FeaturesIndustry News

Coronavirus diaries: National Animal Welfare Trust

Running an animal rescue and rehoming charity over the last four months has been a rollercoaster ride in a theme park called Uncertainty. How normal life now seems in January and February as we began implementing our strategic plans, oblivious to the juggernaut around the corner.

Coronavirus became a real threat in early March and our initial coronavirus guidance was based on the government’s ‘containment phase’ advice. Our centres and shops stayed open, with stricter guidelines, but we were already considering cancelling events planned for May, the projected peak of the infection.

By 18 March, things were changing rapidly, and further advice was issued by the government moving into the ‘delay’ phase.

The furlough scheme was announced on 20 March and that weekend, as the crisis was clearly escalating, we took the decision that we would close the shops and the centres. I spent Monday preparing guidance for our managers and employees, only to have to change it all that evening when lockdown was announced. 

From the rehoming centre point of view, we wanted to ensure that we managed our animal numbers so we could still provide the right level of care if we ended up with a skeleton staff. The Tuesday after lockdown was announced saw us rehome unprecedented numbers of animals in one day, delivering them to the new owner’s homes to ensure they didn’t have to stay in rescue over lockdown. 

The weeks that followed were a whirlwind of guidelines and webinars. The government’s 5pm briefings were regular viewing, trying to keep abreast of the changes and webinars, especially around furlough became staple viewing for me and my HR Manager. 

Directing operations from home involved working 10-hour days in the first few weeks just trying to keep up. It reminded me of those plate spinning acts popular in the 60s or 70s, a tweak here and there just to keep them all spinning. 

I did laugh at one stage as someone said to me ‘But I’ve never experienced anything like this before’. I may be old, but I certainly wasn’t around at the time of the Spanish Flu! Joking apart, I was very aware that as CEO I was expected to know all the answers, and to lead the charity through this minefield. Everyone reacted differently to the situation, some were blasé, others panicked, and everyone else was somewhere along that continuum. 

As an animal welfare organisation, our animal care staff were designated as key workers. Trying to treat everyone fairly as an employer was incredibly challenging at times but I have to say every single one of our employees has been amazing. We took the view not to furlough any animal care employees at first, as the messages at the time were that huge numbers of us were going to be laid low with the virus or have to self-isolate and we couldn’t risk having no one to care for the animals when we run a seven day a week, 365 days a year operation.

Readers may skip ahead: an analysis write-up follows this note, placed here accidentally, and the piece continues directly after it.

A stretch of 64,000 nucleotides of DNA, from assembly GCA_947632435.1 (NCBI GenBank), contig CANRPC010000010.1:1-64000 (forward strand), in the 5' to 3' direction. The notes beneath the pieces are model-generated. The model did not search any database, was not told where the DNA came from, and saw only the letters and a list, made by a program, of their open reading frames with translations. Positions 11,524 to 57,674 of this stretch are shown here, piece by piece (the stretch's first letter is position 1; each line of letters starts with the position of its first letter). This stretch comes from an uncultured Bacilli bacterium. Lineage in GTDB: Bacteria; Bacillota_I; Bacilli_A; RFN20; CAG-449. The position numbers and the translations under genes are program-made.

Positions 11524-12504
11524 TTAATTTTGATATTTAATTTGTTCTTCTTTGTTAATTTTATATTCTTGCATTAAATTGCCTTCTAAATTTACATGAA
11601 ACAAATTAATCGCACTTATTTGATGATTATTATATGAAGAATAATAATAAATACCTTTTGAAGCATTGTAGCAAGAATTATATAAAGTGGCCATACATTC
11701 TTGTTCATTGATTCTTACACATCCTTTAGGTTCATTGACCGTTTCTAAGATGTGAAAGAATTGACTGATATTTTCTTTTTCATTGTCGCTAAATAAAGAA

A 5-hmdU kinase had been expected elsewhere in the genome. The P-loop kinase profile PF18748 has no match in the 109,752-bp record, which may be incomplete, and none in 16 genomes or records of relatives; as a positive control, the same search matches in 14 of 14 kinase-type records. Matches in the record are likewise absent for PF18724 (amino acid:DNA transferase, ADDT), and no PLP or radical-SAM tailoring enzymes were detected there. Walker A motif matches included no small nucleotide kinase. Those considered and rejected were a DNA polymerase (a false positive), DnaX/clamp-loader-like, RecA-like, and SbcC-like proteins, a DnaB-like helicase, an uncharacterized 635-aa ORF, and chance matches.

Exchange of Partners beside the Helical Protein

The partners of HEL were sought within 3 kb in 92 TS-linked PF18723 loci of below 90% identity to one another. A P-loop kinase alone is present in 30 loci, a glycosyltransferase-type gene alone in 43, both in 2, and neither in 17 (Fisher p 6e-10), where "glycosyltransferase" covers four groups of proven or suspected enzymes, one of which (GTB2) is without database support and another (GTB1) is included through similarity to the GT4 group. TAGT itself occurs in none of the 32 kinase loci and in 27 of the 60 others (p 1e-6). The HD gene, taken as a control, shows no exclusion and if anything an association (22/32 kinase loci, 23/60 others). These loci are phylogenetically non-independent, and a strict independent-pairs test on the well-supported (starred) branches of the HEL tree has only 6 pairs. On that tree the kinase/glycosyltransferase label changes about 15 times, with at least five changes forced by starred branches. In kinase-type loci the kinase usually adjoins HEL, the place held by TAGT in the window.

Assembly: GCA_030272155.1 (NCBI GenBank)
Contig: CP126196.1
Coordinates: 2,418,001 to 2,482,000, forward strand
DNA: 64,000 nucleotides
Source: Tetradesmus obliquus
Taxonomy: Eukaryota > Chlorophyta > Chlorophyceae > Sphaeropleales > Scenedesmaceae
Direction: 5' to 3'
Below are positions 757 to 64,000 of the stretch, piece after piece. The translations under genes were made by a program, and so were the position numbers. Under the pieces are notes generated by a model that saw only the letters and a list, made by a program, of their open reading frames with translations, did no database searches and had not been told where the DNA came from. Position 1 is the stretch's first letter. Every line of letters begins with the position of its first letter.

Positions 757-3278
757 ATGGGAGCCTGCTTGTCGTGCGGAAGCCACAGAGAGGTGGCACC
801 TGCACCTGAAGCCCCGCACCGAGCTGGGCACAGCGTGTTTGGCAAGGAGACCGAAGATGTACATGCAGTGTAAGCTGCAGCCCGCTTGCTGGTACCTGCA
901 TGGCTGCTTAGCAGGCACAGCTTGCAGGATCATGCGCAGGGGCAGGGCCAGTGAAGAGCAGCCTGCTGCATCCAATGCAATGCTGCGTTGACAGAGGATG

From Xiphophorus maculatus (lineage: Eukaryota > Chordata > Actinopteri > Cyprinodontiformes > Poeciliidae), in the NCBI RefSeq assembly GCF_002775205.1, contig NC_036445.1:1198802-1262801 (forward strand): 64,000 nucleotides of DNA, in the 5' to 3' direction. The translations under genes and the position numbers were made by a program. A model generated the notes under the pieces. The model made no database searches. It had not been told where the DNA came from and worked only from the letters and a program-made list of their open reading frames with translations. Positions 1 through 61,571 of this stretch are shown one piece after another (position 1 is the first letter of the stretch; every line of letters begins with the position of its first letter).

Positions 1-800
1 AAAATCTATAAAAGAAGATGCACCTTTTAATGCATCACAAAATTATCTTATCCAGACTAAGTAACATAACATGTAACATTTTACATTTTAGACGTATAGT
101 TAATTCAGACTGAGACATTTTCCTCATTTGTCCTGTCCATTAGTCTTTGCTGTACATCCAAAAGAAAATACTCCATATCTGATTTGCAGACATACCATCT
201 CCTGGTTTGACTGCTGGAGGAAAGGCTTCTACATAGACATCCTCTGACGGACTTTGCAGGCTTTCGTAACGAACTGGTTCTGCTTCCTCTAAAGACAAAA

We restricted our animal intake to emergencies only and our centres were soon in demand to help animals from households affected by coronavirus. Eleven-year-old cats Ella and Etta’s owner tragically passed away due to Covid-19 and with no family to care for them, we were called upon to taken them into our care (under very strict protocols). They struggled initially to cope with this sudden change to their lives but are now ready to find their new home.

Another casualty was a deaf three-month-old puppy whose owners could not get the support they needed to train him during the pandemic, so asked us to help. To save him being in kennels, Sully is being fostered by a member of the centre team and is coming on in leaps and bounds – literally!

We know that demand for our services is going to increase as life returns to some sort of normality.

As a charity we are completely reliant on donations from the public and my major concern was that many of our sources of income dried up overnight – fundraising events, pet boarding, rehoming and our three shops. Legacy income also took a downturn and charities were reporting an estimated loss of 48% of their income. 

We took up the challenge of creating innovative online fundraising activity and have had particular success with virtual tours of the centres and live links to the antics of a litter of kittens born in lockdown. 

Understandably over the last few months animal charities have not been part of the bigger conversation, where the focus has been on human care charities. However, the government’s continued refusal to provide any funding for animal rescue charities will have a serious impact on the lives of the animals that need our help if charities like NAWT are not able to survive.

No-one can predict the future at this stage, so the old adage applies: ‘the hard work puts you where the good luck can find you’.

One of the great things about the rescue and rehoming world is the collaborative and supportive links with fellow charities and it has been invaluable over the last few months to have the opportunity to use those networks to confidentially share experiences and ideas, as well as a few irreverent ‘you couldn’t make it up’ moments.

We are currently getting to grips with the government’s latest risk assessments and guidelines as we move into the next operational phase and we continue to keep a nervous eye on income and expenditure.

Life-changing events like this mean there is no normal to return to, and we are already planning what the new normal will be for NAWT. It’s oddly exciting and a bit scary, but good change always is.

For me it feels like I have been battered by a hurricane over the last few months, but the ship is thankfully still on course and I haven’t yet depleted my rations of wine and chocolate.

Clare Williams, chief executive, National Animal Welfare Trust

Back to top button